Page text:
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By Richard A. Johnson
| October 3, 2017
With the Museum of Science welcoming a limited-engagement football exhibit called “Gridiron Glory” (through Jan. 7), see how well you know your favorite football franchise.
1) While the Patriots bounced around from stadium to stadium throughout the 1960s (Boston University, Fenway Park, Boston College, and Harvard Stadium), they also played a home game at Legion Field in Birmingham, Ala., in Sept. 1968. Owner Billy Sullivan believed that playing the Jets in Birmingham would attract a large crowd (it didn’t) because the Jets quarterback was an Alabama alum. Who was the quarterback in the game the Patriots lost, 47-31?
ANSWER: Joe Namath
2) Bob “Harpo” Gladieux was cut by the Patriots a week before the 1970 season opener at Harvard Stadium. He remained in town and ultimately decided to attend the season opener with a friend. When his friend left to visit a concession stand, the public address announcer made a startling request. What was it?
3) Former Patriots quarterback Steve Grogan was known for his toughness. In 1976, he set an NFL record that would stand for 35 years. What record did Grogan hold?
ANSWER: He ran for 12 rushing touchdowns, the most by a quarterback until Panthers quarterback Cam Newton broke it with 14 rushing touchdowns in 2011.
4) Rookies used to get their heads shaved during training camp as an initiation. In 1995, when veteran players entered the room of this rookie running back to shave his head, he read them a passage from the Bible that caused the players to turn around and walk out. Who was the only rookie that year to not have his head shaved?
ANSWER: Curtis Martin
5) Linebacker Mike Vrabel caught 10 passes on offense for the Patriots. How many of them were touchdown passes?
ANSWER: All 10
6) Boston’s first pro team was a member of the first version of the American Football League, a single season arrangement formed exclusively to showcase the talents of a single player, former Illinois superstar Red Grange. What was the name of that first professional Boston football team around 1926?
ANSWER: Boston Bulldogs
7) In 1932, the football team was called the Boston Braves. But the owner George Preston Marshall changed the name because they left Braves Field for Fenway Park and he needed to rename the team and he had uniforms with a Native American motif. What name did he choose for the Boston football team, that stuck from 1932-36, and that is now the name for another city’s present-day NFL team?
ANSWER: The Redskins
8) From 1944-48, the name of Boston’s sixth pro football franchise would be hard to swallow for Boston sports fans today. The team won only 14 games in five years. What was the name of that miserable Boston team?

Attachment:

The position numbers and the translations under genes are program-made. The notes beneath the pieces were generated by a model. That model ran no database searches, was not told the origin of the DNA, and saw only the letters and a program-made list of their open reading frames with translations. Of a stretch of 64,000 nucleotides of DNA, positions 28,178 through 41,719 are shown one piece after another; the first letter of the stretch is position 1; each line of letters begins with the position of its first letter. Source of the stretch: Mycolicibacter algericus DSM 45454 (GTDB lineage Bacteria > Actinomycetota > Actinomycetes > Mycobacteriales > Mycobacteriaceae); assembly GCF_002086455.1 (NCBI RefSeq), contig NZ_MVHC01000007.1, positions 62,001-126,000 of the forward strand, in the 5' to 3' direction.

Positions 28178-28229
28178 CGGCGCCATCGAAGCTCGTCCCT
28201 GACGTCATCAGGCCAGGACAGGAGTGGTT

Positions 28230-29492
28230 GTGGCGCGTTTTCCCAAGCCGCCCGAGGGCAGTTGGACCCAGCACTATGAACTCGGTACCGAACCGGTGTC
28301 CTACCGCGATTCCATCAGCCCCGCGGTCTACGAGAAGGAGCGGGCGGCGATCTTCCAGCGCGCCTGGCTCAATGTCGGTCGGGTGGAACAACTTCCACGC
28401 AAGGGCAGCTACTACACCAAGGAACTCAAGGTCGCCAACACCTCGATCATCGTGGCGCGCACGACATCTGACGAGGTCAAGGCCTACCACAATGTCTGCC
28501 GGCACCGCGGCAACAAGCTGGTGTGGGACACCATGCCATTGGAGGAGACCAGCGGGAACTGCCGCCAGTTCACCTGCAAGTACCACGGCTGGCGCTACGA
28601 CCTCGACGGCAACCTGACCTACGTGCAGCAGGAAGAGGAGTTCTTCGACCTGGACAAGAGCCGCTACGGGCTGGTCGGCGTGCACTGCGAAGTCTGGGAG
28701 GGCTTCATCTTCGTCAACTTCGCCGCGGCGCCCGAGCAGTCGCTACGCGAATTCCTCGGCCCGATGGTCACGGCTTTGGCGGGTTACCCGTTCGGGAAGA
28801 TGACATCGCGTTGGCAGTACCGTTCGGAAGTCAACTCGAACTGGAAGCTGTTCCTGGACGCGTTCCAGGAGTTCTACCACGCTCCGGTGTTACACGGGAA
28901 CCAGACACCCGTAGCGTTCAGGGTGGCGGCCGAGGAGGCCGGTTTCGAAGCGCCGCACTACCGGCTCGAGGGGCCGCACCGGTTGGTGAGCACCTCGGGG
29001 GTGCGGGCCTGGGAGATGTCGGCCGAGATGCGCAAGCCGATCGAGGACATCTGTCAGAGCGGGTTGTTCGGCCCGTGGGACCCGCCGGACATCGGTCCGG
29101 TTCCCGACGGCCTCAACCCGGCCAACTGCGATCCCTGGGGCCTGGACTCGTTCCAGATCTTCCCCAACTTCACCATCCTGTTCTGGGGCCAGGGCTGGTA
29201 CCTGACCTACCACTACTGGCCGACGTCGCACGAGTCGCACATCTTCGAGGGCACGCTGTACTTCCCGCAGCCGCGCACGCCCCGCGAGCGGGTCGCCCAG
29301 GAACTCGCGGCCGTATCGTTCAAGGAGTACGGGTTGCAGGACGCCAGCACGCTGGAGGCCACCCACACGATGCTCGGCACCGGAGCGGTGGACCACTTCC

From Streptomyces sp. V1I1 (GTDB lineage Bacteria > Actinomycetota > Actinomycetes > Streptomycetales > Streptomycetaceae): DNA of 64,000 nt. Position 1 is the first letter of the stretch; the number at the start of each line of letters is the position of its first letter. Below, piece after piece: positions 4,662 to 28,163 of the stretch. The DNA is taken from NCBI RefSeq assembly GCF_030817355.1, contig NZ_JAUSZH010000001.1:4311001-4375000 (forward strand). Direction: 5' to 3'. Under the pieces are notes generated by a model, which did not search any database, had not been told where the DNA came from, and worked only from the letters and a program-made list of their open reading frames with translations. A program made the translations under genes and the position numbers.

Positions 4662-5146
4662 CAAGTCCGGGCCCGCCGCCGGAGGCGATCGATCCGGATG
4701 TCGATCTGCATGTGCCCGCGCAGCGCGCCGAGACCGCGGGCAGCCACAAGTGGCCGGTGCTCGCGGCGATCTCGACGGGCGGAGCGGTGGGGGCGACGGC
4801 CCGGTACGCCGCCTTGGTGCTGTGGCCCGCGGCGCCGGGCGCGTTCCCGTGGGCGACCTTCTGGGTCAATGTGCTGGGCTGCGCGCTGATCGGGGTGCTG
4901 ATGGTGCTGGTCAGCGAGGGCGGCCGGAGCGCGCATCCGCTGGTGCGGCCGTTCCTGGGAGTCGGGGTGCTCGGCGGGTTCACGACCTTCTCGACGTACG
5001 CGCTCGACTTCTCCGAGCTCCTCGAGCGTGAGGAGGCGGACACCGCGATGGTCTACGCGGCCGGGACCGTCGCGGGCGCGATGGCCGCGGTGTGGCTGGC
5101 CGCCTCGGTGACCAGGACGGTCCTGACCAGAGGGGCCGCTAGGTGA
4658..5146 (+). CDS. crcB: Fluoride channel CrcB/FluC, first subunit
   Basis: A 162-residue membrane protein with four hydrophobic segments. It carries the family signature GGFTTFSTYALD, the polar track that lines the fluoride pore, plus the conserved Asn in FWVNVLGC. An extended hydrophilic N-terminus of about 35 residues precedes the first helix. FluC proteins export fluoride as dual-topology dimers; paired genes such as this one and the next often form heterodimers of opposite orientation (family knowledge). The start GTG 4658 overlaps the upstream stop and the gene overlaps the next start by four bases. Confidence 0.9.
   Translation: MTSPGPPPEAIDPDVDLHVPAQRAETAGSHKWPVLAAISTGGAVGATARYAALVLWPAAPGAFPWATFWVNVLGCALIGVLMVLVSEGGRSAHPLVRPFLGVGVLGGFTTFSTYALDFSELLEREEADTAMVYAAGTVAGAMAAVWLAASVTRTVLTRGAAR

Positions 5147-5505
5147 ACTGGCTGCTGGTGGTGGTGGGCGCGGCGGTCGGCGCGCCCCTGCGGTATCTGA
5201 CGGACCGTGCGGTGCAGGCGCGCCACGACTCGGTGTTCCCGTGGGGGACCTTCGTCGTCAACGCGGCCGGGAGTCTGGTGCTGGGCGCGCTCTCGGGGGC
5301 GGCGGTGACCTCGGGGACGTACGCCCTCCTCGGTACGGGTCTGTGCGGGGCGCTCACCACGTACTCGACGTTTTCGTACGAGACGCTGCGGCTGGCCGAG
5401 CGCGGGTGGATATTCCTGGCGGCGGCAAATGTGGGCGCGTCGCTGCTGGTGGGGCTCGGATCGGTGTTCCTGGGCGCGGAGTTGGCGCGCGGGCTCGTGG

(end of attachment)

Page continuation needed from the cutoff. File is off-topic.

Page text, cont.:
ANSWER: Boston Yanks
9) Patriots wide receiver Troy Brown caught more than 200 passes from quarterback Drew Bledsoe during his Patriots career. But on Nov. 14, 2004, Brown made an especially memorable catch of a Bledsoe pass. What was special about it?
ANSWER: Bledsoe had been traded to the Bills. And Brown had been pressed into playing defense for the Patriots. Brown snared his first career interception on a Bledsoe pass intended for Eric Moulds.
10) Coming out of high school in California, Tom Brady was not only a quarterback, he was a left-handed, power-hitting catcher who caught the eye of baseball scouts. Which Major League Baseball team drafted Brady in 1995 in the 18th round?
ANSWER: Montreal Expos
This story was compiled by New England Sports Museum curator Richard A. Johnson, who has written, coauthored, or edited 22 books on sports and is currently working with Glenn Stout on a history of the New England Patriots for Houghton Mifflin, and by Bryan Morry, executive director of The Hall at Patriot Place.
Gridiron Glory opens Oct. 8 at the Museum of Science. It includes an entire section dedicated to the New England Patriots, as well as more than 200 artifacts, award-winning photographs, video footage from TV archives and NFL Films, and one-of-a-kind documents from the Football Hall of Fame’s vast collection. There will be daily live presentations, activities and learning opportunities about the latest developments in brain research. Learn the science behind the game and get to know the inspirational stories of football’s pioneers, coaches, and players, including those who broke social barriers.
Free with Exhibit Halls admission. To learn more, visit mos.org.